By Berger, Barrie Tabin
Government Finance Review , Vol. 20, No. 5
Just as consumers were learning to navigate the new wireless world, a new technology has emerged that is again transforming the way individuals and businesses exchange information. Voice over Internet Protocol, or VoIP as it is commonly called, transmits telephone calls over a broadband Internet connection instead of a regular telephone line. The technology promises both highly customized telephone service and lower telephone bills. In the words of Federal Communications Chairman Michael Powell, VoIP represents the "most significant paradigm shift in the entire history of modern communications since the invention of the telephone."
VoIP converts the voice signal from your telephone into a digital signal that travels as data packets over the Internet to a regular telephone number, where the signal is converted back to voice. Most VoIP calls are placed using a traditional telephone with an adapter that connects to a high-speed Internet connection. The call goes through your local telephone company to a VoIP provider, then over the Internet to the receiver's local telephone company where it is completed. Some VoIP services facilitate calls directly from a computer to either another computer or an ordinary telephone. VoIP providers can charge less for calls than telephone companies because this method of voice delivery avoids many of the circuit switching fees associated with traditional analog telephone calls.
VoIP was first considered a toy for techies. But as with the advent of wireless and the Internet, the mainstream market is now catching on to this technology. As a result, a growing number of telecommunications companies offer or plan to offer VoIP services. This trend has significant implications for state and local governments. These implications are addressed in the balance of this article.
TYING THE HANDS OF STATES AND LOCALITIES
The introduction of a new technology into the marketplace is often met with mixed emotion by state and local governments. On one hand, new technologies like VoIP offer more convenient and less expensive ways of exchanging information. On the other hand, the telecommunications industry's claim that increased regulation of new technologies would inhibit its growth has led to federal encroachment on the traditional authority of state and local governments. This encroachment began with the enactment of the Telecommunications Act of 1996, whereby Congress limited or preempted state and local taxing, franchising, and zoning authority over some telecommunications providers and services.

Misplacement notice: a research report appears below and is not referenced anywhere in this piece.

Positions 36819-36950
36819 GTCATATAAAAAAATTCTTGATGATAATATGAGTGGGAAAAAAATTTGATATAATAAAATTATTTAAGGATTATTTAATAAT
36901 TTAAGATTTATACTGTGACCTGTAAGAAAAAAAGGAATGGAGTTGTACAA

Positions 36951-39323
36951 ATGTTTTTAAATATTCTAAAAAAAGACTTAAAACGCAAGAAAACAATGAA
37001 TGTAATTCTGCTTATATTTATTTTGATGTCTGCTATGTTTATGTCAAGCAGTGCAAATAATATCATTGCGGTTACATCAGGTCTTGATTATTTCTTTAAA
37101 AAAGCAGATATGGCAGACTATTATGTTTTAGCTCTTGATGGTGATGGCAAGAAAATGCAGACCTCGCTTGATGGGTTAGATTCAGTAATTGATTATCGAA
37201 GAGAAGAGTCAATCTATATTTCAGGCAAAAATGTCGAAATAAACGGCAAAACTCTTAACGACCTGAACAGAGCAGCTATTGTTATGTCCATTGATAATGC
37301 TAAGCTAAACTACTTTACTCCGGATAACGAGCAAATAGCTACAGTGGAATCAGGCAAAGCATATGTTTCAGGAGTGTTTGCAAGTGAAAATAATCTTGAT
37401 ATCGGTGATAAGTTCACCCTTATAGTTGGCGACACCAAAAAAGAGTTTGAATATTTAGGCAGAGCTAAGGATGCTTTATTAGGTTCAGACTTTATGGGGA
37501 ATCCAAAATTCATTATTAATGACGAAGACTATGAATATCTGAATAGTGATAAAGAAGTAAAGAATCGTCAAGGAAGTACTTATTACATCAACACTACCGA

Attempts to limit or preempt state and local authority have continued as new technologies have emerged in the marketplace. In the case of VoIP, however, these efforts have become the most far-reaching. Congress has introduced legislation that would extend preemptions of state and local authority to virtually any regulation of VoIP services, including taxing, franchising, zoning, E-911 services, wiretapping, criminal and consumer protection laws, and the collection of access fees and funds for universal service.
At the heart of the debate over the regulation of VoIP is the question of whether these services are telecommunications services, like ordinary telephone service, or computer-based information services. Providers of VoIP services argue that Internet-based telephony (VoIP) is an information service that should be exempt from the many regulations governing traditional phone companies. However, states and localities argue that VoIP is one of several competing technologies that deliver voice communications, just like traditional landline and wireless voice providers. As such, VoIP services should be taxed in the same manner as traditional voice communications services.
Moreover, a broad preemption of state and local taxation of VoIP services would have a detrimental impact on state and local budgets. According to a February 13 letter by Douglas Holtz-Eakin, director of the Congressional Budget Office, to Sen. …